T-shirts painted with messages of empowerment swayed on clotheslines adorning Malcolm X Plaza yesterday in honor of domestic violence victims.
The event comes more than two weeks after an ex-boyfriend allegedly shot SF State student Cecilia Lam, resulting in her death a few days later at San Francisco General Hospital. Lam was an advocate for the prevention of domestic violence against women before her death.
The nationwide program called the “Clothesline Project”, addresses violence against women through expression. The Sexual Abuse Free Environment Place hosted the event on campus, which happens every October. The project stemmed from a coalition of women’s groups in Massachusetts who wanted to develop a program that would educate and break the silence of violence against women, according to SAFE Place Coordinator Laurene Dominguez.
“We want to raise awareness around domestic and dating violence, especially on the college campuses,” Dominguez said. “It’s a really great opportunity for people to kind of express feelings that they’re carrying with them and I think it can be a healing process for them.”
SAFE Place volunteers set up clotheslines around the plaza displaying t-shirts that students painted on to encourage students to participate. Students walked up to tables and painted t-shirts in honor of those affected by domestic violence.
Realizing how the subject relates to his own life, SF State student Shawn Mcgriff took part in the activities.“With domestic violence going on in my household, I felt like doing this was mandatory,” McGriff said.
McGriff grew up witnessing his mother being abused and victimized by violence, an experience he said shaped his view on relationships. He painted the words “communication is key” on the shirt SAFE Place volunteers gave him.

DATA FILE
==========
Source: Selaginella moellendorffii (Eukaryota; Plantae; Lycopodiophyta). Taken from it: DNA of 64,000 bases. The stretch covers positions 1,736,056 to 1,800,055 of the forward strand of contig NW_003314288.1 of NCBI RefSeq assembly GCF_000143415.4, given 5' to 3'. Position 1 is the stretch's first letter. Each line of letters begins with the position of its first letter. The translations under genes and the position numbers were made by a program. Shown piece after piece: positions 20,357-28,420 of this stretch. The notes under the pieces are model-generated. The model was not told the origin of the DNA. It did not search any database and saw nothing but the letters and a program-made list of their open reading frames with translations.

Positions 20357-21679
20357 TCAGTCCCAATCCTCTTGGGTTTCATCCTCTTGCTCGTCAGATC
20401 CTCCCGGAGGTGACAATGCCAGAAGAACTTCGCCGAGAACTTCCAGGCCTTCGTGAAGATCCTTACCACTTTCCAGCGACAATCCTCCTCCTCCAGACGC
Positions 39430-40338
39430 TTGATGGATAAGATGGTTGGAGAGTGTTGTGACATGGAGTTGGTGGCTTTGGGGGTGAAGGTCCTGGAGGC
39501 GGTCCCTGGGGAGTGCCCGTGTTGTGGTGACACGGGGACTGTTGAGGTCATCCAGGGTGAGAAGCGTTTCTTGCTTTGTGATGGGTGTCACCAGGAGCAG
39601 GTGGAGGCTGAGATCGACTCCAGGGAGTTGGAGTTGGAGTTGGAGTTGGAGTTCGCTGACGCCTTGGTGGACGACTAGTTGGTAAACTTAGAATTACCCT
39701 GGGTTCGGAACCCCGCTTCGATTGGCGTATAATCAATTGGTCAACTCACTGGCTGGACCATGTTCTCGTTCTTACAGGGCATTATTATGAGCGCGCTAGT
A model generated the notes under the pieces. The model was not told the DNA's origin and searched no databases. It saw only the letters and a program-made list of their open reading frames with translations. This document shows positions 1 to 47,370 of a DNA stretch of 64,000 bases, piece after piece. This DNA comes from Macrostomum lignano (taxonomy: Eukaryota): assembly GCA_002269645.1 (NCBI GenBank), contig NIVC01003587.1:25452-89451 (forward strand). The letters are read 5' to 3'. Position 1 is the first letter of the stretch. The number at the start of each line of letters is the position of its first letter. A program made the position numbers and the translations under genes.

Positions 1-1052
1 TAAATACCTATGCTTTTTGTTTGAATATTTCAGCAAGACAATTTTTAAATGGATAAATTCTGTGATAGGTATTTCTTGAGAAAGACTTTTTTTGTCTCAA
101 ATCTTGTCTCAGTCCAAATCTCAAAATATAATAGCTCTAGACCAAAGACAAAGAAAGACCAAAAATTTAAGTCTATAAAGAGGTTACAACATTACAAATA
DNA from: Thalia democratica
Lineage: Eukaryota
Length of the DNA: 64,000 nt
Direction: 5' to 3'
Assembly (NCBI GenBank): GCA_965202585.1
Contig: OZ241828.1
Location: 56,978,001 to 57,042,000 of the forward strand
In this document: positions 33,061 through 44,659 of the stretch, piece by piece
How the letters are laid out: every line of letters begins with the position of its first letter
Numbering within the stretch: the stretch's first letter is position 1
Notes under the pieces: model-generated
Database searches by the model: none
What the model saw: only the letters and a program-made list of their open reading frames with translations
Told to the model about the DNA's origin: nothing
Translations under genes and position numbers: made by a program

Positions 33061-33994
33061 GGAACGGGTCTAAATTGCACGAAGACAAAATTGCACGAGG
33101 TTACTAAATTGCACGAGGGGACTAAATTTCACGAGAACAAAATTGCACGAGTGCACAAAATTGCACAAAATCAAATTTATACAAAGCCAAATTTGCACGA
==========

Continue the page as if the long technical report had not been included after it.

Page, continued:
“I wrote that because you learn how to communicate instead being physical, you use your words and in arguments sometimes you have to agree to disagree,” McGriff said. “You’re never supposed to put your hands on a woman, or abuse them in any way, whether it be physical, verbal or emotional.”
Jarvis Subia stood on the main stage to present his spoken word piece on the subject of domestic abuse. Subia is the president of Spoken Poetry Expressed by All Kinds (SPEAK), and said that he was glad to take part in the event.
“I feel that these are very important subjects that aren’t addressed and are tough to address if you’re around a situation with domestic violence,” Subia said. “It’s great that there’s an awareness around it and we’re acknowledging that this happens and working our way towards bettering it.”
Dominguez said that this project is a time where people can come together and express their feelings on domestic violence in a safe space. “A lot of what we want to do is promote and educate people about what is unhealthy,” Dominguez said.